- Teams may have ten players on the field at one time divided into three defensemen, three midfielders, and three attackmen on the offensive half and defensive half of the field. The midfielders roam the entire field. The defensive player stays on the defensive end, while the offensive player remains on the offensive side of the field.
- If a team cannot have a minimum of eight players including a goalie on the field, they automatically forfeit.
3. Regulation rules
Check out some of the regulation rules below:
- Men's lacrosse has two 25-minute halves with a running clock, except in the last two minutes of the second half. The game uses a three-minute halftime.
- Each team gets one thirty-second timeout per each half in men's lacrosse. The teams have a two-minute break between the first and second quarters and the third and fourth quarters.
- Regular season games in men's lacrosse might end in a tie.
- Playoff games have three-minute sudden death overtime (officials conduct a visitors call, and coin toss and the winner chooses a side to defend, while the alternate possession remains as it was during the game.
- A tied result even after sudden death overtime calls for a Braveheart. Teams defend the same side as they were during overtime. Each lacrosse team sends on a goalie and one field player. A goalie might not cross the midfield line. Braveheart begins with a face-off. Braveheart does not allow substitutions. If after the first progress, the result is still a tie, other Braveheart will be played to determine the winner.
4. Game rules
Check out some of the game rules below:
- Lacrosse is a contact game played by ten or twelve players - for women's lacrosse. The main object of the game is to shoot the ball into the opponent's netting. The team scoring more goals wins.
- To begin play, the officials toss a coin and call visitors. The winning team chooses a defending side, or first alternate possession, while the loser gets the other option.
- Once teams establish the awarded possession, an advanced thirty-second count begins to get into their offensive box.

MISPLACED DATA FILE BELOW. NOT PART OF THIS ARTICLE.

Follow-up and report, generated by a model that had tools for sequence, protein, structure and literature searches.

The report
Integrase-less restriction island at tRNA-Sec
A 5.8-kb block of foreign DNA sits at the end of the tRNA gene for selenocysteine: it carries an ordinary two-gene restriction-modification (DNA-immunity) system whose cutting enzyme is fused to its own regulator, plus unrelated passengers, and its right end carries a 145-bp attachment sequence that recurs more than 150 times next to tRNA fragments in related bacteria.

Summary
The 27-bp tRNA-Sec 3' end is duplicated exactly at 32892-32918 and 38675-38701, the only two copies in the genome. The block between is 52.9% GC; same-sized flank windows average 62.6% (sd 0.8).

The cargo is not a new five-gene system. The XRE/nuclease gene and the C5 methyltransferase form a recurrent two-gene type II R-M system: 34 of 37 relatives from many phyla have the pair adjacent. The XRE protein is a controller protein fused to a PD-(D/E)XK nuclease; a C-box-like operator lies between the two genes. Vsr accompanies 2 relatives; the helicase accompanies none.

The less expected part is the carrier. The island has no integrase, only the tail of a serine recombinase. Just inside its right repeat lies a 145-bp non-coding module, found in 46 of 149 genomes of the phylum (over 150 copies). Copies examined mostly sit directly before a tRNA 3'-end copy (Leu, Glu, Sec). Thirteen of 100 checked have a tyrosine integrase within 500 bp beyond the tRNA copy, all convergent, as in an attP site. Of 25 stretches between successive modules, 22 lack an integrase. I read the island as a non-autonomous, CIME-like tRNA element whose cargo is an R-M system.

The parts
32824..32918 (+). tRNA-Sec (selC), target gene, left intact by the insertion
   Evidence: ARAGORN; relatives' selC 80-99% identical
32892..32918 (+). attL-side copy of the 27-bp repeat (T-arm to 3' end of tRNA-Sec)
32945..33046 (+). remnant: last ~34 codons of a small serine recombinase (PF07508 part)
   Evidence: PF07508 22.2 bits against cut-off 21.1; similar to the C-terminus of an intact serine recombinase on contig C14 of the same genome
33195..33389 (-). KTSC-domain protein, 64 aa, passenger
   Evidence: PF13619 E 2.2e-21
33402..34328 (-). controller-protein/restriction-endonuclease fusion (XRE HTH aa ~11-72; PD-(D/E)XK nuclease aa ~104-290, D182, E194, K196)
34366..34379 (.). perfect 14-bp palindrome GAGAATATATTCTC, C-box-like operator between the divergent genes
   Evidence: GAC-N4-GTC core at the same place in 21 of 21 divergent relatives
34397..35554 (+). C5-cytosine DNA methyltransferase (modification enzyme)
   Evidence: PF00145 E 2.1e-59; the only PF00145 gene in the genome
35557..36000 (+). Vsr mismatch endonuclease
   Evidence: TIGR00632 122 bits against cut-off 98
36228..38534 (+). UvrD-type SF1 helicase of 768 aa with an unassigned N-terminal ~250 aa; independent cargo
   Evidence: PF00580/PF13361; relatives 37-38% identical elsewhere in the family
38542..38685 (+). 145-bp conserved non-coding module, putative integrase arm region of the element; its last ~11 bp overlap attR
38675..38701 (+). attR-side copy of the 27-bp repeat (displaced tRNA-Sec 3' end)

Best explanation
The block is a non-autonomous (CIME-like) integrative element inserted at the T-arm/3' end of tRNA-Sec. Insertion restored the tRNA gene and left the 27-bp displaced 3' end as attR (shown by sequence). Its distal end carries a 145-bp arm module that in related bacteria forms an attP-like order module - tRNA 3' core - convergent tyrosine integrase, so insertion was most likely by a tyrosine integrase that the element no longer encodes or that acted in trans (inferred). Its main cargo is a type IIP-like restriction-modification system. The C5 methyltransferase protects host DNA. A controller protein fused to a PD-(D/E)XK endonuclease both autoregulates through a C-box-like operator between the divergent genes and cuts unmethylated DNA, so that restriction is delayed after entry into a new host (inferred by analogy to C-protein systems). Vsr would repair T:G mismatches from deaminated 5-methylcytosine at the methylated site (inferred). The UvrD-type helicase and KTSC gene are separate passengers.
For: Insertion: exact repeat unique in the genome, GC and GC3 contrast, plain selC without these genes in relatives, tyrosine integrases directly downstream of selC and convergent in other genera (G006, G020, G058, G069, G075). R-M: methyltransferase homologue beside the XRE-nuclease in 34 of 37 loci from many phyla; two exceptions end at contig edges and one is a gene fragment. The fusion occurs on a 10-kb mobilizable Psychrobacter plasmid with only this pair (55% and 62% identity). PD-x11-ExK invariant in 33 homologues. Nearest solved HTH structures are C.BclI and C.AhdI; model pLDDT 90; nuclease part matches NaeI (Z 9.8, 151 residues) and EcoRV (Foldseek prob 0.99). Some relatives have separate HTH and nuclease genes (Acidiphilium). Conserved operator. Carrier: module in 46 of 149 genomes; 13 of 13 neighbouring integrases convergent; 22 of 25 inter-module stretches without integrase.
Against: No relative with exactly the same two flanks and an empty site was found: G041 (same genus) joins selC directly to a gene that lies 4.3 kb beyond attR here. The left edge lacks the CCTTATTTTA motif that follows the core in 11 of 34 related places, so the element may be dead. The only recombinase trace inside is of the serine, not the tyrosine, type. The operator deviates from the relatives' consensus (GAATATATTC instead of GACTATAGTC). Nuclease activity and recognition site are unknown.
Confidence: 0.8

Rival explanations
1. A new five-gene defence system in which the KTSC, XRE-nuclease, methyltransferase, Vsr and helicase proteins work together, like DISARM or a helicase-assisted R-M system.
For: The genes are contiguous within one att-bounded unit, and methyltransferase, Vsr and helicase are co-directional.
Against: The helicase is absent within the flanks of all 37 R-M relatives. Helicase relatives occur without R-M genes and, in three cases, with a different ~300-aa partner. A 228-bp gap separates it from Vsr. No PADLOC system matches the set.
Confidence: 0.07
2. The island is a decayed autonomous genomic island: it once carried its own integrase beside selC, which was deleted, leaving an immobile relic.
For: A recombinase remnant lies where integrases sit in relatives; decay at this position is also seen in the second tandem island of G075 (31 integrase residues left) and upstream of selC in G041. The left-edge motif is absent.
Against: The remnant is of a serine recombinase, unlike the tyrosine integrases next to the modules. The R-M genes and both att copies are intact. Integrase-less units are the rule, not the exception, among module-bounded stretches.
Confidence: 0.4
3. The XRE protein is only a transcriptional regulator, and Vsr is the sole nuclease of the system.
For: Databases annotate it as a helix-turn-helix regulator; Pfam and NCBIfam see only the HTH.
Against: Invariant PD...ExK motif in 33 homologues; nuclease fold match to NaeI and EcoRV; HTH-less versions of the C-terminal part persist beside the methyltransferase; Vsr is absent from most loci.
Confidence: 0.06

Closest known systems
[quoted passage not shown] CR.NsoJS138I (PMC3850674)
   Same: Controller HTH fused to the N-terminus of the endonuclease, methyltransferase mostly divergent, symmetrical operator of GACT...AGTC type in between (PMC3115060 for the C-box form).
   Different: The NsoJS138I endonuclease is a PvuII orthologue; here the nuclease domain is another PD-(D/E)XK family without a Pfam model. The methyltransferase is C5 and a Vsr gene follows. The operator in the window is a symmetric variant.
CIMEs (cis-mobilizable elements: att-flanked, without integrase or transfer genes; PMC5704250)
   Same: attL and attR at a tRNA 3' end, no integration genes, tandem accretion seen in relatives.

- Only the goalie can touch the ball with their hands.
- An attacking player cannot enter the crease but can be above the creasing or reach their stick to scoop a loose ball into the crease, or when shooting the ball.
- When the ball goes out of bounds, the other team is awarded possession. If the ball goes out of bounds after an unsuccessful shot, the player nearest the ball gains possession for his team.
- Any player committing five personal fouls is removed from the game.
- Fouls include unsportsmanlike conduct, unnecessary roughness, slashing, cross-checking, targeting the head, illegal body-checking, tripping, or unsportsmanlike conduct.
5. Player's (mis)conduct
Check out some of the player's (mis)conduct below:
- Body contact with the opponent is allowed to some point.
- Body checking the player with possession of the ball, or within five yards of a loose ball is legal.
- Checking must be below the shoulders and above the waist from the front side.
- There must not be any targeting of the neck or head with a cross-check. Violating the rules results in at least a three-minute -minute non-releasable penalty, and possible ejection.
- A player mustn't use his arms or hands to push the opponent with the ball.
- A player mustn't make contact with the goalkeeper in the crease.
- Stick check includes knocking the ball from an opponent's crosse with a stick. A defending player uses a stick for controlled poking or lifting another player's stick and gloved hands to dislodge the ball. If he hurts the opponent, the stick check will be illegal and the penalty is called upon the offender.
Face-offs happen at the beginning of each half, after scoring each goal or Braveheart. The players wait until the main face-off player has gained possession to cross the wing area.
Offsides take place when a team doesn't have at least four players on the defensive side or at least three players on the offensive side of the field.
What does the coin toss determine in lacrosse?
The coin toss determines who gets possession of the ball to start the game.
Do you switch sides every quarter in lacrosse?
Yes, teams change sides every quarter.
Can lacrosse end in a tie?
Yes, the game can end in a tie, and then it's time for an overtime period or even Braveheart.
What sports use a coin toss?
Football, soccer, volleyball, etc. use a coin toss.
So, there you have it! The next time you're watching a game of lacrosse and wonder how the players decided who would start with the ball, now you know. It's all based on a coin toss!
While this may seem like a simple method, it's quite effective in ensuring that both teams have an equal opportunity to score from the very beginning.